As such, on 3 October the Club will remain closed during the entire day and as such none of the professional teams nor the youth teams at FC Barcelona will train on the day. The Tour Camp Nou Experience and the Museum as well as the OAB will be closed.

Yesterday, FC Barcelona announced that as “one of the leading institutions in the country”, they are “officially supporting the Comissió Independent per a la Mediació, el Diàleg i la Conciliació (Independent Commission for Mediation, Dialogue and Conciliation)”.

FC Barcelona demands respect. As an institution that is so committed to the values of dialogue and peaceful coexistence, the Club feels that all public manifestations need to contribute to building the bridges for dialogue that are necessary in this context while respecting the freedom of expression of the Catalan people.

In order to overcome this crisis, it is indispensable for all of us to come together and to use our social functions to act responsibly. In our case, we shall defend the demand for such institutional dialogue wherever it might be needed, while in a sporting sense, we shall continue to compete in our different disciplines.

Also yesterday, the club announced that it would cancel all FC Barcelona supporters clubs ticket applications, as Atletico de Madrid could no longer supply the tickets previously offered to them for the La Liga match on October 14. They cite “logistical problems in the new Wanda Metropolitano stadium” as the reason for cancelling away ticket allocation, claiming no link to the potential tension caused by ongoing political turmoil, but an Atletico source told ESPN FC that “the club have made no special moves to stop travelling fans attending the match”.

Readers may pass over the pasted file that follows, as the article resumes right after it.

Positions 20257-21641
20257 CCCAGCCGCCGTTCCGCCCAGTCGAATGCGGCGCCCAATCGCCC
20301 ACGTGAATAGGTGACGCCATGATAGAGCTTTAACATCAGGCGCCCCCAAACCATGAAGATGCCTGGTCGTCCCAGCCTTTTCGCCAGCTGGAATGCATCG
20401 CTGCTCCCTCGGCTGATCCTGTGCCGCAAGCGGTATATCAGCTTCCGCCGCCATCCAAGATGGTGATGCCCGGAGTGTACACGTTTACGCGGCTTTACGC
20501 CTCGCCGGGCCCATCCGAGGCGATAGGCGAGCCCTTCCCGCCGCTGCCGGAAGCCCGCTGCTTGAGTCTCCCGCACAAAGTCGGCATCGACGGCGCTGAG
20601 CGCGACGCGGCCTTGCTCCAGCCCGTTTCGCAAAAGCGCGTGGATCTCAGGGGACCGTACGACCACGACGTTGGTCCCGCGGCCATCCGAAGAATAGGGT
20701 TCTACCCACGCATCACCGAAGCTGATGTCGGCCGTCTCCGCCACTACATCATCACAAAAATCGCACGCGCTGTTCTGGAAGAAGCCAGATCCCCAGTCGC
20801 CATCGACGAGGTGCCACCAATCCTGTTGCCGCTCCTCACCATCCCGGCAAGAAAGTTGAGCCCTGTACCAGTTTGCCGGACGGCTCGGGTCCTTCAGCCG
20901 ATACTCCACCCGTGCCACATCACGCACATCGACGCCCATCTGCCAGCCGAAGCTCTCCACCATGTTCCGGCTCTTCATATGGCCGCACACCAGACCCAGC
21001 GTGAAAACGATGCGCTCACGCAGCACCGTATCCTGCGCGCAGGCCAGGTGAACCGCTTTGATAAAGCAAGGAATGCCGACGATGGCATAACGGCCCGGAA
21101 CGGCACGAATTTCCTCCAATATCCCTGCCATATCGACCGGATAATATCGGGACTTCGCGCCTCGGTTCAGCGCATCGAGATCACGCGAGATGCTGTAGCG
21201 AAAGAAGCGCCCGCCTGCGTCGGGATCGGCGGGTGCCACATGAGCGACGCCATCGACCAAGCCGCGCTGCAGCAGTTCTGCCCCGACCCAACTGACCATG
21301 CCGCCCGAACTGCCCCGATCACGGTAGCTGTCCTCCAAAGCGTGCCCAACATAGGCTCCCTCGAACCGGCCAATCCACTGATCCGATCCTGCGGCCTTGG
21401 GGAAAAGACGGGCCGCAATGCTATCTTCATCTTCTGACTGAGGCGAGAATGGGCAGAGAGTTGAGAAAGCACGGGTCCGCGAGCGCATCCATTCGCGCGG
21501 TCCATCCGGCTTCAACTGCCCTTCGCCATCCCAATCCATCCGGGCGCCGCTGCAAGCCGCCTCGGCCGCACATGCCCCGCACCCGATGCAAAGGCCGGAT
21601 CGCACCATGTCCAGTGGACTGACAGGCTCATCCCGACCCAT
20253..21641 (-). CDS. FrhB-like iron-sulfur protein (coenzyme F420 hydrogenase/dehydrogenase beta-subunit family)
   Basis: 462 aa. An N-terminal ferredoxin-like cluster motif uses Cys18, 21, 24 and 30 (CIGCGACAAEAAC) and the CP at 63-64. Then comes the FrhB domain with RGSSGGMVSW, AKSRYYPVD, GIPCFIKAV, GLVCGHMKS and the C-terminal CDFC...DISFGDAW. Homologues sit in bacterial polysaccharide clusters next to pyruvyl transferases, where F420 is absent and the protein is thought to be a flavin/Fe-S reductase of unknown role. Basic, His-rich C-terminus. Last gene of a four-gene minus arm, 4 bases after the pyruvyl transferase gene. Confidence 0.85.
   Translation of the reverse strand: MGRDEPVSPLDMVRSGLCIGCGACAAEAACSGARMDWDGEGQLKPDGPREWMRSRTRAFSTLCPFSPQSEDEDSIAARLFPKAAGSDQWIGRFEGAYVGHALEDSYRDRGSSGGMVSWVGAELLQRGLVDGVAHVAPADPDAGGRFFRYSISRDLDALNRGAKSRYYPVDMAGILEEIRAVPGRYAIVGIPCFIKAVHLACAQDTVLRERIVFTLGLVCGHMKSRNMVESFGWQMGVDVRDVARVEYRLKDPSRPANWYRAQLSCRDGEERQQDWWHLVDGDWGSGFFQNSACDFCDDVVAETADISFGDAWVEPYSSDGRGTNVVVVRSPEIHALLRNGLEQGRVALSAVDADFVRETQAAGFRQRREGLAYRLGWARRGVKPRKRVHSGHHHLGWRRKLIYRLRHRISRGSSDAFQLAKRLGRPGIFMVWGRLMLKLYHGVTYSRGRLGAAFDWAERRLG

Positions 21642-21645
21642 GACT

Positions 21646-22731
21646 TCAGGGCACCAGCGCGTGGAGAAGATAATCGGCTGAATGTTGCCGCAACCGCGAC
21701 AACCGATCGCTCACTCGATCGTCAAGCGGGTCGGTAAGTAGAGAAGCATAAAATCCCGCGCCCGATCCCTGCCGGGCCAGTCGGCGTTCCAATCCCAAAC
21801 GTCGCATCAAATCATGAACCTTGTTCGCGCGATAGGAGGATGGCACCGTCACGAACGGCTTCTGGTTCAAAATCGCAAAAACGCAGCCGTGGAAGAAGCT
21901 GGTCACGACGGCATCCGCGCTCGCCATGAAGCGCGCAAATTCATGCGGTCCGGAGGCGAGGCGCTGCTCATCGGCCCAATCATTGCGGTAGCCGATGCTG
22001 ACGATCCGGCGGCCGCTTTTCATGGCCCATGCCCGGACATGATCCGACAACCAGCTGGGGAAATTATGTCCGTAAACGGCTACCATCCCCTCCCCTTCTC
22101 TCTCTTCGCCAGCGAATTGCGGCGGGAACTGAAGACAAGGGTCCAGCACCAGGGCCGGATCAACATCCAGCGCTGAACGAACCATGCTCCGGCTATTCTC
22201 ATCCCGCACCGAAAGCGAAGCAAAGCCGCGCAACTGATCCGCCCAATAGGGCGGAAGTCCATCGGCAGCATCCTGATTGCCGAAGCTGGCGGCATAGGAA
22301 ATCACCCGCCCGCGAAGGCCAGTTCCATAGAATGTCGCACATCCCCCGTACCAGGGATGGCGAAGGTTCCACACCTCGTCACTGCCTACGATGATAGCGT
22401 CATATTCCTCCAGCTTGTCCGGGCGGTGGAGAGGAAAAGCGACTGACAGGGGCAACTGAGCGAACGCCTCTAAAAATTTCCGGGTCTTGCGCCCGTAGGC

What’s in store

As of right now, FC Barcelona is one of the 11 “non-political organizations” that will be part of a commission to resolve the issues between Catalan leaders and the Spanish government. Given the nature of the backlash to the attempted vote on Sunday and the government’s refusal to recognize its outcome, it’s unclear how this battle will play out. However, if a secession is successful, the only way FC Barcelona could stay in the Spanish league is if amendments were made to the current laws.

Keeping the four-time European champions in the highly competitive and lucrative La Liga is in the best interest of both the club and the league, but president Bartomeu has admitted that they would discuss the possibility of leaving if Catalonia gained independence from Spain. There has been speculation that the move may be to the English Premier League, if needed.

“This situation does not exist so far,” Bartomeu said on Monday. “But with regards to things that can happen in the future, it is something that the board of directors would discuss. It would be something to analyse calmly.”